Britain hails 'very successful' Libya attacks
Britain said Sunday its air and sea strikes on Libya had been "very successful" and stressed it was doing everything it could to avoid civilian casualties as it enforces a UN-sanctioned no-fly zone.
British fighter planes and a submarine joined US and French military in attacking Libya overnight, after they agreed with Arab allies at crisis talks in Paris to take action to stop Moamer Kadhafi's offensive on rebels.
Defence Secretary Liam Fox told the BBC that early reports suggested the bombing raids were "very successful".
Air Vice Marshal Phil Osborn, the second in command of the Royal Air Force, added in a briefing to reporters in London: "We're entirely comfortable with the way the operations went last night in terms of success."
Prime Minister David Cameron on Sunday chaired a two-hour meeting of the government's emergency committee, COBRA, in London as the Libyan army declared another cease-fire.
Responding to the announcement, British Chief of Defence Staff General David Richards told reporters that the committee was "soaking it up" and "seeing what we can make of it".
A Libyan official told AFP that at least 48 people had died in the assaults, which began with a strike at 1645 GMT Saturday by a French warplane on a vehicle the French military said belonged to pro-Kadhafi forces.
But British ministers and officials said they were only hitting military targets needed to bring down Libya's air defence network and enforce the no-fly zone agreed by the United Nations Security Council.
Fox earlier said the Libyan regime was "engaged in a propaganda exercise", saying: "We are using some very specific types of weaponry designed to minimise any civilian casualties or other collateral damage."
"The risk of collateral damage is at the forefront every time we do a plan," added Osborn, saying that Britain had attacked "key military targets", mostly around Tripoli.
In Britain's first air strikes in the campaign, Tornados hit Libya on Saturday with Storm Shadow cruise missiles.
A British Trafalgar-class submarine meanwhile joined in an attack with US forces from the Mediterranean that saw more than 110 Tomahawk missiles fired at some 20 air defence targets, a top US military officer said.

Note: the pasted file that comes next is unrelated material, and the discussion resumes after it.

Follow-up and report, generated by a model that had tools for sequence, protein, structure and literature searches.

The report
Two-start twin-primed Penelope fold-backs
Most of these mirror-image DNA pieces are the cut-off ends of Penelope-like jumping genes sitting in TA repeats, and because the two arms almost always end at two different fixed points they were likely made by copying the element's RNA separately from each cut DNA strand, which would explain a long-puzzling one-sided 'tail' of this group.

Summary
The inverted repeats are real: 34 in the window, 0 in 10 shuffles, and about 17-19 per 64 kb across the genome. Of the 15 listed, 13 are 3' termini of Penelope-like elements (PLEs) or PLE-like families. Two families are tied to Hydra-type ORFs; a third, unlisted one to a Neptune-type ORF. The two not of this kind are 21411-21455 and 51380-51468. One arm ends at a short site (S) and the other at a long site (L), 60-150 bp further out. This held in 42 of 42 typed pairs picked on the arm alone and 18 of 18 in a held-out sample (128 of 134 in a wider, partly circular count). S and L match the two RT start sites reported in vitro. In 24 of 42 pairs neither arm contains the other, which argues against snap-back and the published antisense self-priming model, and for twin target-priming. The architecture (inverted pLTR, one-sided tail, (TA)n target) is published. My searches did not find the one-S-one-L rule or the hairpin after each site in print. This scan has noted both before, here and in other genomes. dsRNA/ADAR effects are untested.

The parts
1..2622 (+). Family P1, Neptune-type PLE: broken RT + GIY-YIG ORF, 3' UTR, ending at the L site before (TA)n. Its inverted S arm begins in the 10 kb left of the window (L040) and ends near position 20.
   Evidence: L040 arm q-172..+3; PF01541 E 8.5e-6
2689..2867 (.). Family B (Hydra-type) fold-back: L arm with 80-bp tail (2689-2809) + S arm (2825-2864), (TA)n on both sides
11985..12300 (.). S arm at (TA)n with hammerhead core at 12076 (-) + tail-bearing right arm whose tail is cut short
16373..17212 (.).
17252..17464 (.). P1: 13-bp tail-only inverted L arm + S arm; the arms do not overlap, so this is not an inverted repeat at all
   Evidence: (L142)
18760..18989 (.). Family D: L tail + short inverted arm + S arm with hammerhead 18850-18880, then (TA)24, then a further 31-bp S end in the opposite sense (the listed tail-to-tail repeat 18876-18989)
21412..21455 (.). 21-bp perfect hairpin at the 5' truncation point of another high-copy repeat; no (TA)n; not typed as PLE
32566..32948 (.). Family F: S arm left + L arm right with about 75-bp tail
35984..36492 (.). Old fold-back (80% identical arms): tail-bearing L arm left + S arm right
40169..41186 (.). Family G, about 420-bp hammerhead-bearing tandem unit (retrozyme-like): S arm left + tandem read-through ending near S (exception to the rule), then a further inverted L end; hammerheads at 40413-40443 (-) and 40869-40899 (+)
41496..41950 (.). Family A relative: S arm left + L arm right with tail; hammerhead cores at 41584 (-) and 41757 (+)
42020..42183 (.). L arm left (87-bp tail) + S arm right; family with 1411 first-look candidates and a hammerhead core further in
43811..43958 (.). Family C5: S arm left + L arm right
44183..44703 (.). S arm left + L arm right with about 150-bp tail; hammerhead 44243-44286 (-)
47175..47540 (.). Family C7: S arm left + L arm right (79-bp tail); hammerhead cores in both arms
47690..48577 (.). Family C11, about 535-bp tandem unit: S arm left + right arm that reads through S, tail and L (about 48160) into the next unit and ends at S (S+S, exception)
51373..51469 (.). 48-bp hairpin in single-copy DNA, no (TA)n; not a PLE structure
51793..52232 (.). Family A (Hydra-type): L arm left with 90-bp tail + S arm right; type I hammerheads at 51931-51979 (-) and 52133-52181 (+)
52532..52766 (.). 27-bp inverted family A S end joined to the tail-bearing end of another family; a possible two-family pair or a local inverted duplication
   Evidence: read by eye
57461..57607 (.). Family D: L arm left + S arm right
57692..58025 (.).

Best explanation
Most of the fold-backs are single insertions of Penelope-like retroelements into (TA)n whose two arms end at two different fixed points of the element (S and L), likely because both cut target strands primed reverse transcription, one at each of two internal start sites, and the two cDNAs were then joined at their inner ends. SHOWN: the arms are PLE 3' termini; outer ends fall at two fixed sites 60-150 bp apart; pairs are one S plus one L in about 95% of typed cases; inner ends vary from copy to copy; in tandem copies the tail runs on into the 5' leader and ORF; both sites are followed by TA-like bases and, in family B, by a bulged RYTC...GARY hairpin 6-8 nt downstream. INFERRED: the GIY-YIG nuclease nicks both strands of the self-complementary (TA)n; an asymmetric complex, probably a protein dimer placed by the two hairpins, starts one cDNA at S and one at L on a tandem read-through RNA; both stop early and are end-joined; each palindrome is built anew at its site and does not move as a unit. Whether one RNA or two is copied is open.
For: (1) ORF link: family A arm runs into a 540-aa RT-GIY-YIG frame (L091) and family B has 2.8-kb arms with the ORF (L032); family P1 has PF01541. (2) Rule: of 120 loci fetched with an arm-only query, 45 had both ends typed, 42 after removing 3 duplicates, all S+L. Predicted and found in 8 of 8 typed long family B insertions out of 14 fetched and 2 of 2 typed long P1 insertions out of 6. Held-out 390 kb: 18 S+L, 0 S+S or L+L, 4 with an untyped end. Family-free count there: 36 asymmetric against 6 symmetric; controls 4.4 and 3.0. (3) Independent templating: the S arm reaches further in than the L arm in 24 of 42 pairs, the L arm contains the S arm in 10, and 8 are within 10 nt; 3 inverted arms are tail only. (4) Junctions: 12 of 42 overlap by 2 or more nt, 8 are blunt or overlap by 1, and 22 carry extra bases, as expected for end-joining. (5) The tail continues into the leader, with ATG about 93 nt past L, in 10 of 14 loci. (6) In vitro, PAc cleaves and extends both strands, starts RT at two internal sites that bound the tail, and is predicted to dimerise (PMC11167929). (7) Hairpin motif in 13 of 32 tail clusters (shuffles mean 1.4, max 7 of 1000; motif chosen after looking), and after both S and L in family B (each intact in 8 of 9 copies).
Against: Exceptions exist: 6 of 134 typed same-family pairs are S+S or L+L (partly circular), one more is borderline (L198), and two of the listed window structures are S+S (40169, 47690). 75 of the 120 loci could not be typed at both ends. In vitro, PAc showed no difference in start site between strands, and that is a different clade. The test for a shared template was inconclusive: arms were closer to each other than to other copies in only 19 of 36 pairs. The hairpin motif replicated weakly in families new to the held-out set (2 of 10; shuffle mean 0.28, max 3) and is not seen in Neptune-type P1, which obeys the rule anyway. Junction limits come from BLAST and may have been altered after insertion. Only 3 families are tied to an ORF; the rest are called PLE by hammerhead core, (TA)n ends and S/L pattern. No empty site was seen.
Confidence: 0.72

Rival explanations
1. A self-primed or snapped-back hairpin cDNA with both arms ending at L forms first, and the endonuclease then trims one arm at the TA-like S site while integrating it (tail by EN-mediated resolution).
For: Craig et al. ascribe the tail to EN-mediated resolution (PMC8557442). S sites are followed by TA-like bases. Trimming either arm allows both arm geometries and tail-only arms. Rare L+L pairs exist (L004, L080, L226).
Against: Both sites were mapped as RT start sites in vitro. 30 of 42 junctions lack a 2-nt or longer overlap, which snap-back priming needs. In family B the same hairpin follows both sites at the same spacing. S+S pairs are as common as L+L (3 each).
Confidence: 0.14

Acutely aware of the controversies in Britain's involvement in the 2003 invasion of Iraq, Cameron has gone to great lengths to defend the intervention, which is the first time he has sent troops into action since becoming premier.
The action is being taken under Thursday's UN Security Council resolution which authorised the use of "all necessary means" to protect civilians and enforce a ceasefire and no-fly zone against Kadhafi's forces.
Jack Keane, former vice chief of staff of the US army, told the BBC that assertions the military action was being undertaken purely to enforce the no-fly zone were "misleading".
"Certainly a no-fly zone is taking place but frankly that's not the purpose," the retired general said. "The purpose is clearly to use our airpower to destroy his decisive forces, which are his two armoured brigades.
"That's not what the public rhetoric says but that's clearly what this is about," claimed the ex-soldier.
The Arab League on Sunday criticised the military strikes, a week after urging the UN to slap a no-fly zone on the north African state.
Britain's Foreign Office (FCO) responded later Sunday, saying: "Unlike Kadhafi, the coalition is not attacking civilians.
"We will continue to work with our Arab partners to enforce the resolution for the good of the Libyan people," vowed the FCO.
The British defence secretary said the frigate HMS Westminster was off the coast of Libya, and another, HMS Cumberland, was in the region ready to support operations.
Typhoon jets on Sunday arrived at the Gioia del Colle base in southern Italy, where they are ready to deploy against Libya in the mission dubbed "Operation Ellamy", Britain's Chief of Defence Staff's Strategic Communications Officer Major General John Lorimer said.
British lawmakers are due to vote on military action in parliament on Monday but the main opposition has already pledged its full support.
"It is always a grave decision to send our armed forces into possible combat. But the international community could not have stood by as innocent people were slaughtered," Labour leader Ed Miliband said Sunday.
© 2011 AFP